How to use Electric in a Biff project

Electric is a library/framework/language that lets you write reactive single-page web apps in Clojure/ClojureScript without having to deal with network IO. You can write code as if the frontend and backend were both in the same "place," and Electric handles shuttling data across the network for you.

By default, Biff uses htmx to handle network IO. htmx is very lightweight and is a good fit for simple UIs (probably most UIs), but if you're developing something complex and/or collaborative (like, say, a board game), you might want to try out Electric. In general I think a good approach is to start with htmx and then consider introducing Electric if/when things start to get hairy.

I've created a git repository that contains the default Biff starter project, modified to use Electric instead of htmx. You can clone it and run bb dev to try it out. If you're already a Biff user and have wanted to try out Electric, this should come in handy. If you haven't used Biff before, you can think of this as an alternative to the official Electric starter apps that has a bunch of additional stuff included (like authentication, routing, XTDB helpers + schema, ...).

 A note from the readme:

View the latest commit to see how this differs from the regular Biff example app. To use Electric in your own Biff project, it's recommended to create a Biff app the normal way and then manually apply the changes in this project's latest commit. This ensures that your project will be created with the latest version of Biff—this repo won't necessarily be upgraded to future Biff releases.

So again, if you'd like to try it out, head over to the git repo. Otherwise, read on for some additional commentary.

The main things to understand about integrating Electric into your Biff project are:

  • How do you access the system map from your Electric code?
  • How do you access data in XTDB from your Electric code and react to new transactions?

The first one is simple: when your Electric code is being evaluated, the hyperfiddle.electric/*http-request* dynamic var will be bound to the request map that initiated the websocket connection. Since Biff merges the system map with incoming requests, that dynamic var will include everything in the system map.

So if you e.g. need to submit a transaction, you can use e/*http-request* where you would have normally used ctx:

(dom/on "click" (e/fn [e]
                  (when (not-empty text)
                     (biff/submit-tx e/*http-request*
                       [{:db/doc-type :msg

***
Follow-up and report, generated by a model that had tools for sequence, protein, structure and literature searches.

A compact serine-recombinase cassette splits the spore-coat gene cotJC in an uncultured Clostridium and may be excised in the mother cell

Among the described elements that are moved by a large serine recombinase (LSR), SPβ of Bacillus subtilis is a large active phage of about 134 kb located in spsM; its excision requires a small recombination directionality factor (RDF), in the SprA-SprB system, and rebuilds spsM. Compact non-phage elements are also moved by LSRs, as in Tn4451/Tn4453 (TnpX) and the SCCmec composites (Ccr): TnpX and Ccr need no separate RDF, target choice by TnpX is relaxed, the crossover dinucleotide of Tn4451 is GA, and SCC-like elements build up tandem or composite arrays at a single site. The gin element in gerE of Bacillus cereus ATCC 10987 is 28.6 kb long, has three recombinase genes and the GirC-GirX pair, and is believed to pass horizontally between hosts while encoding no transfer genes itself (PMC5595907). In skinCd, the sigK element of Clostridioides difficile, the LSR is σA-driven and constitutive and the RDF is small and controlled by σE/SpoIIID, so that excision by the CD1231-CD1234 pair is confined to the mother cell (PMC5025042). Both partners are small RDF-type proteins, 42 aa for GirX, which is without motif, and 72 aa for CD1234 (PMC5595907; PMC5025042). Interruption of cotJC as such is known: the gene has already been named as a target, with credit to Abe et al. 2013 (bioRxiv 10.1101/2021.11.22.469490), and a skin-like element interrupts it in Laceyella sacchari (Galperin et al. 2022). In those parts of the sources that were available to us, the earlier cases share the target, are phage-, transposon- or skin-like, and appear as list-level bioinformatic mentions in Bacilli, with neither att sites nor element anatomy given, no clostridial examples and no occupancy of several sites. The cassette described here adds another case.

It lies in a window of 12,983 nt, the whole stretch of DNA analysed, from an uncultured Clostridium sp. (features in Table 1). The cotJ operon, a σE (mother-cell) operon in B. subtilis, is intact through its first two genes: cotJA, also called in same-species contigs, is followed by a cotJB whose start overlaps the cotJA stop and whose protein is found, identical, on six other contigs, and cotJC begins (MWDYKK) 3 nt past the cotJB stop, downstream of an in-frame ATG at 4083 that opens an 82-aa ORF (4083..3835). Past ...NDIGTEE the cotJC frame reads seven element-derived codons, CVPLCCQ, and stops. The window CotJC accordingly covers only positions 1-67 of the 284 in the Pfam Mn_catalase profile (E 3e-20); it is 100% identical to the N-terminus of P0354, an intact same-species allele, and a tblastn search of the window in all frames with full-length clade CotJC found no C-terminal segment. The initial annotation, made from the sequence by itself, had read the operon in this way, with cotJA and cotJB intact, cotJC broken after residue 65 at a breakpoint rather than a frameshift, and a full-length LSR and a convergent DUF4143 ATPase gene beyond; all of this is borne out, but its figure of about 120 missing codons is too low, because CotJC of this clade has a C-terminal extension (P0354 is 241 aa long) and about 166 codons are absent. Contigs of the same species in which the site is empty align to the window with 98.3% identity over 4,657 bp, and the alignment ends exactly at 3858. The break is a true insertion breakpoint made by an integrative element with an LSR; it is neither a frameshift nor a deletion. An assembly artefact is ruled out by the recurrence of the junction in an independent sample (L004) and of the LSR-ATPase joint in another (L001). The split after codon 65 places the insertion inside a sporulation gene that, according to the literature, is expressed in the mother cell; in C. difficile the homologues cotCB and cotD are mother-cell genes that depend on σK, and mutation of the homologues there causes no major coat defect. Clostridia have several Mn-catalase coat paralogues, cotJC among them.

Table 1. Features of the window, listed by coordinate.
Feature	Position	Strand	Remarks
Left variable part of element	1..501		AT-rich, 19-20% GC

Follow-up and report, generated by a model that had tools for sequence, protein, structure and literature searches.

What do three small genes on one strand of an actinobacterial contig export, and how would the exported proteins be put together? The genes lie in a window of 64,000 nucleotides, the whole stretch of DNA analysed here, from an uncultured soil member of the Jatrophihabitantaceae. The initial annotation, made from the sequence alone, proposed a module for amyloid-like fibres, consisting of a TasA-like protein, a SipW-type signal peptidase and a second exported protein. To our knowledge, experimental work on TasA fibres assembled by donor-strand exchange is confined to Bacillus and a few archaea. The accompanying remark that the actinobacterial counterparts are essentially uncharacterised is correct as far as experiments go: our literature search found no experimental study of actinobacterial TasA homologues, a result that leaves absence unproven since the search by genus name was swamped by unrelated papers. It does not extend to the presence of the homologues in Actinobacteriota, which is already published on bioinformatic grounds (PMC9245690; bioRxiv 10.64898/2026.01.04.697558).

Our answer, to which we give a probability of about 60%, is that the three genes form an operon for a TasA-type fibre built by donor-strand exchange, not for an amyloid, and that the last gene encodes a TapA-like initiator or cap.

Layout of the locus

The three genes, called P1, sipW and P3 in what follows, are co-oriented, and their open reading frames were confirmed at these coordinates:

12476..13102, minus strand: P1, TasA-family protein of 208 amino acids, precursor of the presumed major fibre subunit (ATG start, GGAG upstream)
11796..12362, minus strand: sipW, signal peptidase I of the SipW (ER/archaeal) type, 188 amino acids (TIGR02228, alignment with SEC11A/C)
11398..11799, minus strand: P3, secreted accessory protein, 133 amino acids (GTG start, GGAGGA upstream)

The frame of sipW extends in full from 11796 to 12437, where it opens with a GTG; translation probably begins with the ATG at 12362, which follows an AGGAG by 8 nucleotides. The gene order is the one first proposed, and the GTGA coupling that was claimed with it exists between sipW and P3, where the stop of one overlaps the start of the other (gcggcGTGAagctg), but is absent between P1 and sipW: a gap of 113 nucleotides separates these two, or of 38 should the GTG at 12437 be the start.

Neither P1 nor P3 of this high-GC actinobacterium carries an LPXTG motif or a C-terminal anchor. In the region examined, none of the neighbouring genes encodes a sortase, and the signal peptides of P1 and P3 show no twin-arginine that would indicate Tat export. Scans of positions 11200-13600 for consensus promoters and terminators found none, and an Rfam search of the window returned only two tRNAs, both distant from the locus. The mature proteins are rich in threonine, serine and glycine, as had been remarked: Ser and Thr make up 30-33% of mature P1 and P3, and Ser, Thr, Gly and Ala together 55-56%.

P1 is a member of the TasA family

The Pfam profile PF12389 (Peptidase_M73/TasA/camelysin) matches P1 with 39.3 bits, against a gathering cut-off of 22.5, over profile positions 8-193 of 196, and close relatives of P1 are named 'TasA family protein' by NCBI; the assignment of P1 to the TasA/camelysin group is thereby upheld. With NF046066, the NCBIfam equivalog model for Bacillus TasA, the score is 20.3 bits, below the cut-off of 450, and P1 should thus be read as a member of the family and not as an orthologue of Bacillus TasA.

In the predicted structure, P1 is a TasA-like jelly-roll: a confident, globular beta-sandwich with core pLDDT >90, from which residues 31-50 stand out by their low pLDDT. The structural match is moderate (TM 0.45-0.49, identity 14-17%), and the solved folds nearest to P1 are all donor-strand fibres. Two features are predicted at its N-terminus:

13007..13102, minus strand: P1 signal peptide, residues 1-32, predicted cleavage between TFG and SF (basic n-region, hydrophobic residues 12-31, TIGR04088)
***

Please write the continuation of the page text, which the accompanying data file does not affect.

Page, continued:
:msg/user (:xt/id user)
                         :msg/text text
                         :msg/sent-at :db/now}]))
                    (reset! !text ""))))

For querying and reacting to data in XTDB, take a look at the signals.clj file. (Disclaimer: I have no idea if "signals" is the right term for what's in that file. Moving on...) The key concepts here are that you need to load some data from XTDB when the relevant part of your app loads initially, and then you need to potentially update that data whenever a new transaction gets indexed.

That file contains an xt-signal helper function to do just that. You define an initial value and a reducer function. The reducer takes that initial value you provided along with a new XT transaction and returns an updated value. Given those two things, xt-signal can handle the remaining wiring for you. Here we define a user signal/whatever for the document corresponding to the current signed-in user:

(defn user [{:keys [biff.xtdb/node session] :as ctx}]
  (let [db (xt/db node)
        initial-value (xt/entity db (:uid session))
        reducer (fn [user tx]
                  (or (->> (::xt/tx-ops tx)
                           (keep (fn [[op maybe-doc]]
                                   (when (and (= op ::xt/put)
                                              (= (:xt/id maybe-doc)
                                                 (:xt/id initial-value)))
    (xt-signal (merge ctx {::init initial-value ::reducer reducer}))))

Back in our UI code, we can use this function like so:

(e/def user)

(e/defn SignOut []
   (dom/text "Signed in as " (e/server (:user/email user)) ". ")

(e/defn App []
   (binding [user (new (signals/user e/*http-request*))]

One fairly unpolished piece of this repo is the way I handle the production build. The default way to deploy Biff is on a VPS, with a bb deploy task that uploads your code with git push and your config + generated files with rsync. Ideally, you probably want to compile your JS bundle locally and then rsync it to the server, the same way Biff does it for your Tailwind build. However I was too lazy to redefine the deploy and soft-deploy tasks in this repo, so instead I'm just building the JS bundle on app startup. It adds 20-30 seconds to the startup time on my local machine, so on a small server it will take... longer. This all may be a moot point if/when I set up container-based deployment for Biff (with Fly), which I may actually get around to soon.

Published by Jacob O'Bryant on 15 Jun 2023

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